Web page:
T leaves them in the depths
If Hell really is an eternity stuck underground in a sweltering place of no escape, then hundreds of passengers on an MBTA Red Line train must have been bracing for Satan himself on Wednesday night.
An outbound train came to an abrupt halt several hundred feet short of the Davis Square Station in Somerville at 6:38 p.m., then sat, and sat, and sat some more. It didn’t move again until two hours and one minute later, when frazzled T workers finally made the decision to pull the disabled cars backward to Porter Square in Cambridge, and passengers climbed the steps to gulp fresh air.
It turned what is normally a 30-minute ride from downtown Boston to points west into an occasionally frightening but more often mind-numbing 2 1/2-hour odyssey during which passengers had no ability to communicate with the outside world, no access to restrooms, and virtually no information on their fate.
“We’ve been held up before, but never like this,’’ said Susan Piland, a T loyalist who commutes on the Red Line each day to her job at Northeastern University. “The passengers were unbelievably calm and cool about it, but as the hours ticked by, you wanted to get out of the tin can really bad.’’
At one point, passengers were told to stand up and prepare to disembark the cars for a walk through the dark tunnels to the Davis Square Station, but that plan was scuttled with neither notice nor explanation. At another point, passengers felt loud mysterious jolts from the rear of the train, causing the cars to lurch forward before rolling slowly backward — apparently not the result the T wanted.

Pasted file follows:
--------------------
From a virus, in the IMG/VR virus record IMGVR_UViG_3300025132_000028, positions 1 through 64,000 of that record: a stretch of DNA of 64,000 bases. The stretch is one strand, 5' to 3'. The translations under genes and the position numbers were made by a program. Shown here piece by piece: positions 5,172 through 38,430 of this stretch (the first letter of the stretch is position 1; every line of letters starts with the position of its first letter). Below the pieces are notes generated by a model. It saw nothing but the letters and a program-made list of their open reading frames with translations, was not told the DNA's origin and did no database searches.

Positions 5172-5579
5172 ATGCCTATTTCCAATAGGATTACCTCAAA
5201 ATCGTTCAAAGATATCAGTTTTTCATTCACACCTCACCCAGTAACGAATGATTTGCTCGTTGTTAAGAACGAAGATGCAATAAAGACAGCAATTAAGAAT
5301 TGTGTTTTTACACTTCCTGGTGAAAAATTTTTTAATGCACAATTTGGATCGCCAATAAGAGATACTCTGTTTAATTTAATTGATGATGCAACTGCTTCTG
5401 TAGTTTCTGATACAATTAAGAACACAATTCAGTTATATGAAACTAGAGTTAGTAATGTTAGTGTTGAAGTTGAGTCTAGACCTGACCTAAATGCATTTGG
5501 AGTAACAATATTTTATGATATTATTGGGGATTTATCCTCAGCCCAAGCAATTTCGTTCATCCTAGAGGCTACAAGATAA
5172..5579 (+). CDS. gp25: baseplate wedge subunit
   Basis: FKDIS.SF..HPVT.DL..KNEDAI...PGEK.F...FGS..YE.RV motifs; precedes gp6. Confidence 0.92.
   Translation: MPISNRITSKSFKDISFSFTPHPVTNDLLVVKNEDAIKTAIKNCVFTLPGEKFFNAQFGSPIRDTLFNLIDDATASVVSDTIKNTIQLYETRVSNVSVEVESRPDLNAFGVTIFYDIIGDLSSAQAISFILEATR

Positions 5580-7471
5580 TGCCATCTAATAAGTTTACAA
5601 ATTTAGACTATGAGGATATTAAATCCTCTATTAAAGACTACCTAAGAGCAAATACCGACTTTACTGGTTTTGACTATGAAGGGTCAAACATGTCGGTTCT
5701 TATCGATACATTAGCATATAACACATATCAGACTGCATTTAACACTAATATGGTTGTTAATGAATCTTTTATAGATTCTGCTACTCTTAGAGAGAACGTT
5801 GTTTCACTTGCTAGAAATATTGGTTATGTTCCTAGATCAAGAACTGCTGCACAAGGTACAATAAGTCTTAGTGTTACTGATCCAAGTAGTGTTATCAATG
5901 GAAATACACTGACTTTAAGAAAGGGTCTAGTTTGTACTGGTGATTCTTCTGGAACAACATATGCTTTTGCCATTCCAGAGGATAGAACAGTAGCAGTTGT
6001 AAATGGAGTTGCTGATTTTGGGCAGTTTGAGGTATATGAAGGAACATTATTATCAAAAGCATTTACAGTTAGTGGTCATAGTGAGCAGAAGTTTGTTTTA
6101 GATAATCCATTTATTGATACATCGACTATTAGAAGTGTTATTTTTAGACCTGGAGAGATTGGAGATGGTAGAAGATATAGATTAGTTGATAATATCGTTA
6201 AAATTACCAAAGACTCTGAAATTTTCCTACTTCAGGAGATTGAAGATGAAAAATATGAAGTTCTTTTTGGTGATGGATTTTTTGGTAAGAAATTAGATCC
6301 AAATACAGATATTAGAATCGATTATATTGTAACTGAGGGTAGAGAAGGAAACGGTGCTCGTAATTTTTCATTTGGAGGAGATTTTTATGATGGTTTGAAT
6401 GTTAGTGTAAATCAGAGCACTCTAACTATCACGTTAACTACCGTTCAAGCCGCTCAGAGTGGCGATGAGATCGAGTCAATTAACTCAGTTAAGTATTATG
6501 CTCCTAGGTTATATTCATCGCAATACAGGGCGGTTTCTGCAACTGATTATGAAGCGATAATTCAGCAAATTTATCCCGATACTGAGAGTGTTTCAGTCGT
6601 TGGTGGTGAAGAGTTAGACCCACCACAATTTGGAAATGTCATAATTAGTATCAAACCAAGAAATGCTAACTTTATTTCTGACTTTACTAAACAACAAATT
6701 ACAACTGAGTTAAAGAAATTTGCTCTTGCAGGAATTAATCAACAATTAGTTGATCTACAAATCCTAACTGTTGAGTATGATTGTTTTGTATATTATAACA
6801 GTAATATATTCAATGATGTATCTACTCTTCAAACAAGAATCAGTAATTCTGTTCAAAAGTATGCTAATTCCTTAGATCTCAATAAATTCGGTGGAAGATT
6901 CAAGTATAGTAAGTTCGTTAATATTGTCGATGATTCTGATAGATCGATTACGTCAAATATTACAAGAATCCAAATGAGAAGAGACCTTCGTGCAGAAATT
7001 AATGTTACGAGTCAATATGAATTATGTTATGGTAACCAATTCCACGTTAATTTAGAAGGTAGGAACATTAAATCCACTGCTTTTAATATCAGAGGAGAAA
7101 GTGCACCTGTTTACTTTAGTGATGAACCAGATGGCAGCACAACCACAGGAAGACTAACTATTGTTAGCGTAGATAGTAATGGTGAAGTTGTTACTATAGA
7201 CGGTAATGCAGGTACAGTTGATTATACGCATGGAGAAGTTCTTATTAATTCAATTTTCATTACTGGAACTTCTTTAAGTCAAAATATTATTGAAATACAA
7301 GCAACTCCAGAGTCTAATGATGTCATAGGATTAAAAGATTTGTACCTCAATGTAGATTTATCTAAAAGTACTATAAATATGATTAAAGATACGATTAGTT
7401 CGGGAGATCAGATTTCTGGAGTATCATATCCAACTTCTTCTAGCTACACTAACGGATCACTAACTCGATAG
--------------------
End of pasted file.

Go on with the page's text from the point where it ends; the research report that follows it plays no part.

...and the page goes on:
Passenger Lucy McGowan stressed that she believes the T typically does a solid job on her daily commute, but she said: “Every 5 minutes they would come on the PA and say: ‘Thank you for your patience. We are sorry for the inconvenience. We’ll be moving momentarily.’ It kind of became a joke.’’
The epic breakdown has received little attention thus far, mainly because so much else went wrong on the MBTA Wednesday afternoon, specifically a disabled train near South Station that caused lengthy and widespread delays across an already beleaguered commuter rail network. But in many ways, this 2 1/2-hour ride to Cambridge rivals the famous 4-hour commuter rail journey to Worcester on February as a touchstone for commuters in a season of episodic misery.
By late yesterday, T officials acknowledged the problem, elaborated on the cause, and apologized for it — profusely. They blamed a defect in the third rail, causing a shortage of power to propel the train. Compounding it, they said, were prolonged attempts by T workers to push the six-car train up a small grade to the Davis Square Station with 600 passengers aboard rather than tug it back to Porter Square.
“In hindsight, the personnel in the control center should have made the decision to tack on and pull it back, instead of making the decision to push it,’’ said Joe Pesaturo, a T spokesman. “That only led to more problems.’’